A week after I first viewed the show, I met with O’Halloran in the centre of the garden to discuss the casting process. The artist described the temperament of the liquid plaster, the force it demanded of his body, and the speed at which he worked. Batch by batch, O’Halloran would fill the condoms, slap them to remove the air bubbles, tie, rinse, and finally slam them into position in the short timeframe that the plaster allowed before curing, while still clay-like and impressionable. The precise choreography of this casting process yielded forms that were perfectly fluid, lacking angularity, marks or blemishes. In their hardened state, they provide a clear record—not so much of the artist’s hands, but, seemingly, of their own inner vitality, as if they themselves were stretching against the latex skin that contained them. Yet, however much the polyps suggest these vital states, Ursula’s Garden harbours only calcified bodies, desiccated remains of perverse creatures no longer living. Like a lost mould, the living force that imparted personality to the plaster has long retreated from the garden. Mirroring the toils of the casting process, the polyps’ vital yearning ceased only when their plaster bodies cured, having exhausted themselves in the struggle against their bound form.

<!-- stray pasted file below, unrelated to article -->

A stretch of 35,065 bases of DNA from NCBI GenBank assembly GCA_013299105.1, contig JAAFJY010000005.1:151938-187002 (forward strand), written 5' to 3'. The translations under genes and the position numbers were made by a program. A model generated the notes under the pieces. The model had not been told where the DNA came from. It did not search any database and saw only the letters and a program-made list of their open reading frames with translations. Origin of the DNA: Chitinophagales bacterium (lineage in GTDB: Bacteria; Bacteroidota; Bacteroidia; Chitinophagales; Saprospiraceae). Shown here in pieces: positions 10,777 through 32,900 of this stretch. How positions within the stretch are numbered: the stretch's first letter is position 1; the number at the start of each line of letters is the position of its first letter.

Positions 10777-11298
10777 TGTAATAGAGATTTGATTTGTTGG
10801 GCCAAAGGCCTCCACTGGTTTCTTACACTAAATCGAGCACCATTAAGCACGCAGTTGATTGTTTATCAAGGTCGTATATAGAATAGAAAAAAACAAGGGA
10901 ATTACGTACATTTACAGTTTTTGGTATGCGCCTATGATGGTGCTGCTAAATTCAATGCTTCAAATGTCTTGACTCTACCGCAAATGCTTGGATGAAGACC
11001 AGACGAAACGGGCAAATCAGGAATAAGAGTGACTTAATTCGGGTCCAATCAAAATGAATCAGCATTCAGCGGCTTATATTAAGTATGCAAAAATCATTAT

O’Halloran mentioned how the aggregated castings resemble a social hell where each individual becomes fixed in its own private struggle. In this view, desire registers as a principle of economic order, and not its orgiastic breakdown. And yet, there is a cheeky kind of solidarity present in the society of the garden-cum-orgy. The forms are notably unlike the quivering artifacts, sweet goo, hornets, and flies that inhabit [long pause] O’Halloran’s 2017 installation at Bunker 2—an installation that shares Ursula’s Garden’s thematic interest in unperforming desire, understood in the particular sense of a yearning for the impossible transcendence of the limit between desire and constraint. Though they appear to struggle against their corporeal forms, the plump, convivial specimens of Ursula’s Garden also engage the limits of their bodies as occasions for erotic expression, exploration, and play. While O’Halloran’s creatures express their individuality through their bodily forms, the pull of eros nevertheless flows between them. It pulls them together into an ecology of many distinct beings, each one marshalled upward by desire like a plant climbing from the earth to which it is bound.